What Is Customer Identity Verification in Banking?October 13, 2023
The rapid rise in online banking, especially among Gen Z users, comes with its challenges. While the sector is projected to grow from 33 million at the end of 2023 to nearly 48 million in 2026, the shadow of online banking fraud looms large, growing at an alarming rate alongside it. For those in the banking industry, this represents a significant threat.
The solution? Customer identity verification—a potent tool and the frontline defense against identity theft and financial fraud.
In this guide, we’ll explore what customer identity verification is, its role in complying with KYC (know your customer) and AML (anti-money laundering) guidelines, and best practices as endorsed by the FATF (Financial Action Task Force). Let’s get started.
What is customer identity verification?
Customer identity verification is the process banks use to confirm a customer’s identity. This customer verification process ranges from traditional manual checks to modern, AI-driven solutions that make the process secure, fast, and straightforward.
The banking world is always evolving, so the importance of accurately verifying one’s identity cannot be overstated. Historically, this process was often manual, involving face-to-face interactions, scrutinizing physical documents, and relying heavily on human judgment. However, as the banking landscape has transformed, so too have the verification methods.
Manual verification vs. automatic verification
Manual verification has long been the mainstay of the banking industry. The only issue is this method demands the customer’s physical presence. It also involves inspecting tangible IDs and sifting through stacks of paperwork.
Some institutions even adopted a “hybrid” approach to digital verification—customers submit photos of themselves, their IDs, and other proofs of address online. But here’s the catch: they’re then told to “wait x number of days” for someone at a branch to manually verify their identity from the submitted photos.
It’s an “almost there” solution that unfortunately bottlenecks onboarding. While it has merits—like offering a personal touch—it’s often a drawn-out, tedious process that not only delays access to funds for clients but also defers revenue for businesses.. The dependence on human judgment also introduces the potential for oversights and inaccuracies.
Enter automatic, or as some might call it, passive verification. This modern approach harnesses the power of technology to streamline the entire verification process. Instead of manual scrutiny, systems and algorithms quickly scan, analyze, and authenticate a customer’s identity.
Not only does this drastically cut down verification time, but it also mitigates the chances of human-induced errors. With passive verification, banks are better equipped to deliver a quicker and more reliable verification experience, increasing accuracy and customer satisfaction.
Why customer identity verification is crucial in banking
A recent study revealed merchants in the United States suffered losses of 3.75 U.S. dollars for every dollar of online fraud, which has ripple effects across the global banking sector. But why such a significant multiplier effect for every fraud dollar?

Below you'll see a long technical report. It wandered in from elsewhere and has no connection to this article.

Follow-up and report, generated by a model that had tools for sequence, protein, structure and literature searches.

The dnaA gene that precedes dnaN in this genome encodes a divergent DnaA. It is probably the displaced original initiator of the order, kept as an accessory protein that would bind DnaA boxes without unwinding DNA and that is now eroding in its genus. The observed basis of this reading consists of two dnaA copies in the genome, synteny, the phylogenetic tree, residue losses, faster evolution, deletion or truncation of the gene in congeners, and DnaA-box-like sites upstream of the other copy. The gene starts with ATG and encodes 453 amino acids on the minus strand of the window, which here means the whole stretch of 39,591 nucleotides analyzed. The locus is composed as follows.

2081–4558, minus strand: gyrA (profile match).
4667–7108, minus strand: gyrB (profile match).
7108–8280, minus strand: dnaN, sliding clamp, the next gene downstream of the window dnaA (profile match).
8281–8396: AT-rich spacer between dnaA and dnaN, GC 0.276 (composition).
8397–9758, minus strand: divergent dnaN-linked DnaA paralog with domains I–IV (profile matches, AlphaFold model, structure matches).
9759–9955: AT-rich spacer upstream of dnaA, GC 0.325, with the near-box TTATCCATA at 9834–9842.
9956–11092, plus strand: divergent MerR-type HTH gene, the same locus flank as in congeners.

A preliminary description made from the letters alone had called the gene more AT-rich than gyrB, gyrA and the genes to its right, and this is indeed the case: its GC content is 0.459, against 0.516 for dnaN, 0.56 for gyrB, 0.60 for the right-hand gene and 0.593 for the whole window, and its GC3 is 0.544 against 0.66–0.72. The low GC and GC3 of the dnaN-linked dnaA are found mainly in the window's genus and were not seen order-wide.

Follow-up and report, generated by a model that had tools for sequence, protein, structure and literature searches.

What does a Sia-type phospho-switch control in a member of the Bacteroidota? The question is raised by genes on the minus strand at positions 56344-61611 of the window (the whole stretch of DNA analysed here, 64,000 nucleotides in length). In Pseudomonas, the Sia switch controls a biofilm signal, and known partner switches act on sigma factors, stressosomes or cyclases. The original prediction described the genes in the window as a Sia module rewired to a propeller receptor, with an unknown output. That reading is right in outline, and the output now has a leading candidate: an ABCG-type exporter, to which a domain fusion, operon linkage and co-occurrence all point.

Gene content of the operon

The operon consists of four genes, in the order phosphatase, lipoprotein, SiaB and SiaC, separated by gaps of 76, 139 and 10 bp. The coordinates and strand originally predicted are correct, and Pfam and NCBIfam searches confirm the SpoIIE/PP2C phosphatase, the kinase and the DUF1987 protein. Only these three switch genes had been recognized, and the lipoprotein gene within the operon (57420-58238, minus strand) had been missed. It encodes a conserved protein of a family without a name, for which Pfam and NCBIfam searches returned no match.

The answer lies in the aftermath of the fraud. For each fraudulent dollar, there are costly labor and investigations, fees racked up during the applications, underwriting, and processing stages, and not to mention the legal fees and external recovery expenses. For every dollar saved on fraud, there’s nearly a 4x positive impact on their bottom line.
What could be the root cause behind these worrying statistics? A glaring possibility is the failure to adequately verify customer identity.
This lapse doesn’t just affect a single bank account or transaction. It snowballs, leading to a cascade of issues we highlight below.
Identity fraud detection challenges
Without a proper foundation for verification, detecting identity fraud becomes akin to finding a needle in a haystack. Fraudsters today are more sophisticated, and their methods are evolving. Banks not fortified with the right verification tools find themselves in a never-ending game of catch-up.
Regulatory compliance risk
Adhering to strict KYC and AML regulations and adhering to guidelines set by the FATF is vital. Falling short in customer verification can lead to non-compliance with such standards, resulting in penalties, sanctions, or worse.
Reputation on the line
In banking, reputation is everything. A single incident of a breached bank account due to lax verification can erode years of trust built with customers. Such incidents get amplified in today’s digital age, where news travels fast and far.
Eroding trust and customer experience
Financial institutions stand on the bedrock of trust. If customers feel their identity isn’t secure, or if they have to jump through endless hoops for basic services due to overcompensation on security, it devalues their experience and loyalty. The balance between strong security and a smooth experience is a tightrope walk.
Types of customer verification
Navigating the modern banking landscape requires a keen understanding of the various identity verification methods at one’s disposal. While financial institutions strive to secure transactions and protect customer data, they must also ensure the customer verification process remains smooth and user-friendly.